The daughter of President Obama's closest confidante will be covering the Trump Administration for CNN.
Laura Jarrett is the daughter of Valerie Jarrett, who has been advising and guiding Obama since she hired his then-fiancée , Michelle, in 1991, to work with Chicago Mayor Richard Daley. Valerie Jarrett is so close that she often vacations with the first family.
The younger Jarrett had no experience in journalism prior to joining the cable news network in September. There is no record that she wrote for any of the newspapers at Amherst College or Harvard, where she earned her law degree. She is slated to cover Trump’s Department of Justice.
A biography of the Jarett posted on CNN’s website describes her long history as a Harvard-trained legal advocate but makes no mention of her mother, her connection to other leaders of the Democratic Party or the fact that President Obama attended her wedding in 2012. It does note that she published articles on the intersection of gender, violence, and the law for the Harvard Journal of Law and Gender.
Jarrett follows a long line of high-profile Democrats employed as journalists by news networks. They include Chelsea Clinton, George Stephanopoulos, Chris Matthews and Tim Russert.
In addition, the president of CBS News, David Rhodes, is the brother of Obama’s strategic communications advisor, Ben Rhodes. Outgoing National Security Advisor Susan Rice's husband was a senior executive with ABC News until 2011.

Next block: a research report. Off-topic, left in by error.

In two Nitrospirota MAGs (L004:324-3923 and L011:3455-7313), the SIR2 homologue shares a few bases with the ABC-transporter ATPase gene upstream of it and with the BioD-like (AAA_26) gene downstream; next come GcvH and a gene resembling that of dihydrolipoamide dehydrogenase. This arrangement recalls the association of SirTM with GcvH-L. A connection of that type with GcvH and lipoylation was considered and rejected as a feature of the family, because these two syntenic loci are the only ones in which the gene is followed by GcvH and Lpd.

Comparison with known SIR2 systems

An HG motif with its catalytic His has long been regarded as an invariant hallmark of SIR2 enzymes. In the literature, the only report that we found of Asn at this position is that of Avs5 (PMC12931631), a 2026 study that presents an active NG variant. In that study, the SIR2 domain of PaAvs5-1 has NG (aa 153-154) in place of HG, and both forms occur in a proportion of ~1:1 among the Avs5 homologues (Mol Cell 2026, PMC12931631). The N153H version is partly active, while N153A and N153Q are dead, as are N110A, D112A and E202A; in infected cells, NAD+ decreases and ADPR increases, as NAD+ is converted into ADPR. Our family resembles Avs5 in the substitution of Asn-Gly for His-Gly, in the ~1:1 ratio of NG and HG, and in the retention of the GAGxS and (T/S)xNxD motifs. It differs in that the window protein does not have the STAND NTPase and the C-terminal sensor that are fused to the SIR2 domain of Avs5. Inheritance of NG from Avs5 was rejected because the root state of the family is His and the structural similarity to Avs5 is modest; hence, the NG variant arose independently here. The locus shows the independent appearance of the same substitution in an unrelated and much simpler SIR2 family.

Jarret’s hiring comes just months after CNN severed ties with Democrat strategist Donna Brazile, after she provided Hillary Clinton with debate questions.
Trump has frequently clashed with CNN, labeling it “fake news” at his Jan. 11 press conference.
Jeffrey L. Seglin, a lecturer in public policy Harvard’s Kennedy School of Government who writes about ethics, said Jarret’s hiring raises complicated questions. “They are hiring her for who she is and for the knowledge she has and part of that knowledge is built upon her connections.”
But, he noted, “there is a potential for a conflict because of her background and CNN should disclose that fact in the interests of transparency to the viewer.”
Seglin added, “I would be just as concerned if the parties were reversed or say if Mike Pence had an adult child who was reporting on a Democratic administration.”
Seglin said that CNN could tackle the transparency issue in some ways. He noted that in the past CNN had done a fair job using the on-screen scroll to identify the political ties of on-air talent. CNN should make it clear if her work is meant to be opinion journalism or news reporting.
Other media experts are more skeptical that her appointment should be cause for concern.
“Conflicts of interest aren’t something you inherit from your parents,” said Kelly McBride Vice President of Poynter Institute, “Someone shouldn’t be disqualified from reporting on a topic because of the guest list at their wedding.”